Maritime Prediction and History
The Tide Predictions for D-Day
Center for Maritime Systems
Stevens Institute of Technology
Formerly Chief Scientist, National Ocean Service, NOAA
About the Lecture
Based on the physics of Newton and Laplace, the big brass tide-predicting machine designed by Lord Kelvin was crucial for the success of the Normandy invasion in World War II. Along the entire French coast of the English Channel the vertical range from low tide to the next high tide exceeded 6 meters. At low tide those large tidal ranges exposed long stretches of beach that Allied soldiers would have to cross under heavy German fire. German Field Marshal Erwin Rommel, believing the Allies would therefore have to carry out their amphibious assault at high tide, built thousands of underwater obstacles in the intertidal zone, positioned so as to be covered by midtide and, unseen, rip out the bottoms of Allied landing craft. But Allied aerial reconnaissance spotted the obstacles and recognizing their purpose changed their invasion plan, making its success even more dependent on accurate tide predictions.
The talk will describe the history of our understanding of the tide since ancient times and the development of the tide prediction techniques that resulted in the creation of a brass analog tide predicting machine made up of dozens of gears and pulleys. Its use in making the tide predictions for the secret amphibious landings on the beaches of Normandy will be detailed, including the story of how the harmonic constants put on the machine were developed, and how accurate the predictions were on that fateful day that began the freeing of Nazi-occupied Europe in the spring of 1944. Dr. Parker will end the talk by putting tide prediction and its special nature in the context of other aspects of marine prediction and the greater difficulty in predicting storm surges, waves (and rogue waves), tsunamis, El Nino, and climate change.
About the Speaker
BRUCE PARKER is the former Chief Scientist of the National Ocean Service in NOAA, and is presently a Visiting Professor at the Center for Maritime Systems at the Stevens Institute of Technology. He has a Ph.D. in physical oceanography from The Johns Hopkins University. Dr. Parker is the author of the recent book The Power of the Sea – tsunamis, storm surges, rogue waves, and our quest to predict disasters, which includes the story of the tide predictions for D-Day and a history of tide prediction. He is also the former Director of the Coast Survey Development Laboratory, former Director of the World Data Center for Oceanography, a former Principal Investigator for the NOAA Global Sea Level Program, and at one time ran the U.S. national tides and currents program. His awards include the U.S. Department of Commerce Gold Medal and Silver Medal, the NOAA Bronze Medal, and the Commodore Cooper Medal from the International Hydrographic Organization.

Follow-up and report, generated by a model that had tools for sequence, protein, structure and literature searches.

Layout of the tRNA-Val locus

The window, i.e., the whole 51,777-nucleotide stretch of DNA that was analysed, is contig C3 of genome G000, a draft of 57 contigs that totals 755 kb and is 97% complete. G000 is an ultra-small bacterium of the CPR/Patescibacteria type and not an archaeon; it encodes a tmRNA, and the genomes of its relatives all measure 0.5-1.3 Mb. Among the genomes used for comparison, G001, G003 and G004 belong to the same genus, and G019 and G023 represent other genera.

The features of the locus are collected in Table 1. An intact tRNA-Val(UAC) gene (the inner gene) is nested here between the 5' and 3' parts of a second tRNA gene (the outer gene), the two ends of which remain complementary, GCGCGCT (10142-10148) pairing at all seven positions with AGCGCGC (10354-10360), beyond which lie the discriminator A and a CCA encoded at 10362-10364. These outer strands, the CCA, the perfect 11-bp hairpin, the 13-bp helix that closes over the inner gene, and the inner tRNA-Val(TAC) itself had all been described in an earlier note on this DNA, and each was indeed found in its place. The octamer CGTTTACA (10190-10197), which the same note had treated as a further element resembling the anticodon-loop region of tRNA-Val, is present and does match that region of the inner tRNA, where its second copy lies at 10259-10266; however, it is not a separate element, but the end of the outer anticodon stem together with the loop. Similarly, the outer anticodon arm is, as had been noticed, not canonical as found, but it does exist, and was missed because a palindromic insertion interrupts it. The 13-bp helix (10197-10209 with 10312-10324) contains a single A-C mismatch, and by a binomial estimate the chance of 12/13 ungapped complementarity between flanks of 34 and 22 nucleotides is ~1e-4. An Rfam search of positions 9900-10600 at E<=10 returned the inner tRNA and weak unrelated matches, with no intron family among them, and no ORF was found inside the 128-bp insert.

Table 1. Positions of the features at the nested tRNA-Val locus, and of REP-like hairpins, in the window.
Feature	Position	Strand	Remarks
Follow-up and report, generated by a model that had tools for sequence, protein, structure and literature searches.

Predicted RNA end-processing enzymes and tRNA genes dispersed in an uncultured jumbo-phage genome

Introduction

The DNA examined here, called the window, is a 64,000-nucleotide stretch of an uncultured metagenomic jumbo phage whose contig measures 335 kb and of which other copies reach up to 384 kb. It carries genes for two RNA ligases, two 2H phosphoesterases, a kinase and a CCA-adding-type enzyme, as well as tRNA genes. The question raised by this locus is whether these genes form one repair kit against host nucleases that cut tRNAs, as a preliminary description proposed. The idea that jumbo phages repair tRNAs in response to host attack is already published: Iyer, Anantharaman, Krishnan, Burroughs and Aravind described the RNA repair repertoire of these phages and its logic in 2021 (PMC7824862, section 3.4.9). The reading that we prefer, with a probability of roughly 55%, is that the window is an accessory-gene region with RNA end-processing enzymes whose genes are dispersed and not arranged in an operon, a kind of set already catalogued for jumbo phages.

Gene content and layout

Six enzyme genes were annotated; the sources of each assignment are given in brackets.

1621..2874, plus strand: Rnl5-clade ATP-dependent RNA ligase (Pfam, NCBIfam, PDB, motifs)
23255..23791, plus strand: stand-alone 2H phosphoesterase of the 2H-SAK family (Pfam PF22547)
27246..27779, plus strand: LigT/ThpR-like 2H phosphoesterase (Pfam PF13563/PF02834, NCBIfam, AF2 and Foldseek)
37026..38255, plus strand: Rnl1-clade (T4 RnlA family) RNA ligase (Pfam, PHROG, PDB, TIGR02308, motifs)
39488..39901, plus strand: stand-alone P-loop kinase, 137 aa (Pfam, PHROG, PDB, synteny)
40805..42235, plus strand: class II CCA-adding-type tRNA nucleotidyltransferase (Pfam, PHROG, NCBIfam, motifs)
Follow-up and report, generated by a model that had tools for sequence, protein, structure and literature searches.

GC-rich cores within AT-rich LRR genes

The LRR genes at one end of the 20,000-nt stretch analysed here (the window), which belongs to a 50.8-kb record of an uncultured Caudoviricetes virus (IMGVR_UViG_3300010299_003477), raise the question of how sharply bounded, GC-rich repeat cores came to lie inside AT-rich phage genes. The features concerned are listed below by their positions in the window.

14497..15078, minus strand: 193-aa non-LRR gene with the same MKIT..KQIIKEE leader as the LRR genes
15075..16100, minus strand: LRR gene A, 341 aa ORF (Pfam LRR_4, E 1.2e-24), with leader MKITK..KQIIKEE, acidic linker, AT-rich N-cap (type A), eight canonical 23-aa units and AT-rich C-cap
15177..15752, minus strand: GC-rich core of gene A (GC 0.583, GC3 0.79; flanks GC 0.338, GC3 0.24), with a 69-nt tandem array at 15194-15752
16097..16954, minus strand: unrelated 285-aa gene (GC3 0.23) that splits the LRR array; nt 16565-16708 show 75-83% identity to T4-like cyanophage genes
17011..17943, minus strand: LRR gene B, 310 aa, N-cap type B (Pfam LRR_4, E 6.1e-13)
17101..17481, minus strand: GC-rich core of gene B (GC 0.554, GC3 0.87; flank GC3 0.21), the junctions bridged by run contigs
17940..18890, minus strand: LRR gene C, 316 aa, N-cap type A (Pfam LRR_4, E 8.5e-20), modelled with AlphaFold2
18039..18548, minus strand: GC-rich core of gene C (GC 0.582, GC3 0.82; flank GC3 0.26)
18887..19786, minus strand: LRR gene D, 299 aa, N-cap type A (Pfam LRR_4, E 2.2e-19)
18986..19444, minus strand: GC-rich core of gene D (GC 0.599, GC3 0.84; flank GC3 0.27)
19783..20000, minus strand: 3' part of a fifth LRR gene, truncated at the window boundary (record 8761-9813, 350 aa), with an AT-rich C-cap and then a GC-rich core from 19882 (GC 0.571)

President John Ingersoll called the 2,298th meeting to order at 8:25 pm March 16, 2012 in the Powell Auditorium of the Cosmos Club. Mr. Ingersoll announced the order of business and introduced two new members of the Society, including the speaker of the evening.
The minutes of the 2,297th meeting were read and approved.
Mr. Ingersoll then introduced the speaker, Mr. Bruce Parker of the Center for Maritime Systems at the Stevens Institute of Technology. Mr. Parker spoke on "Maritime Prediction and History: The Tide Predictions for D-Day."
Mr. Parker began by noting that tides were the earliest ocean phenomena that was predictable by man and that tides can be quite dangerous, with tide ranges of 30-40 feet in many parts of the world. Early civilizations needed to predict tides to allow sailors to get their ships into harbor during high tide to avoid running aground and shell fisherman to work on the mudflats during low tide then return safely, he said. These civilizations correctly recognized the correlation with the moon but could not precisely predict tidal behavior.
Mr. Parker continued by describing how other tidal phenomena have led to legends and mythology. A tidal bore, a very long wave that shortens up in shallow water, nearly sank Alexander the Great's fleet on the Indus River in 325BC and the Qiantang river in China has long been famous for a strong tidal bore that still draws tourists today. Tidal whirlpools, which can be very strong when tidal currents are forced through narrow channels, can literally pull ships under water and may have inspired parts of Homer's Odyssey.
Mr. Parker noted that many civilizations made use of their rough predictions, showing evidence of tide locks for ships from Lothal India in 2300 BC, tide tables from 1543, and the enticing of large British warships into shallow areas as the tide was going out during the American Revolutionary War. However, there had not been much success in understanding the tides until 1687 when Newton used gravity to explain why there were two tidal bulges. The Earth and the Moon revolve around a common point and the balance between the gravitational and centrifugal forces causes the two bulges that the Earth rotates underneath every day, Mr. Parker said. Euler later clarified that it is not the raising power of gravity but the radial components of the force that moves the water towards the bulges and later Laplace determined the correct hydrodynamic response from that astronomical forcing. Mr. Parker explained that there are many astronomical frequencies related to the relative motions of the earth, moon, and sun that are needed to correctly predict the tides. Lord Kelvin built an analog computer for tide prediction in 1872 that represented these astronomical frequencies using pulleys, yokes, and gears of appropriate sizes.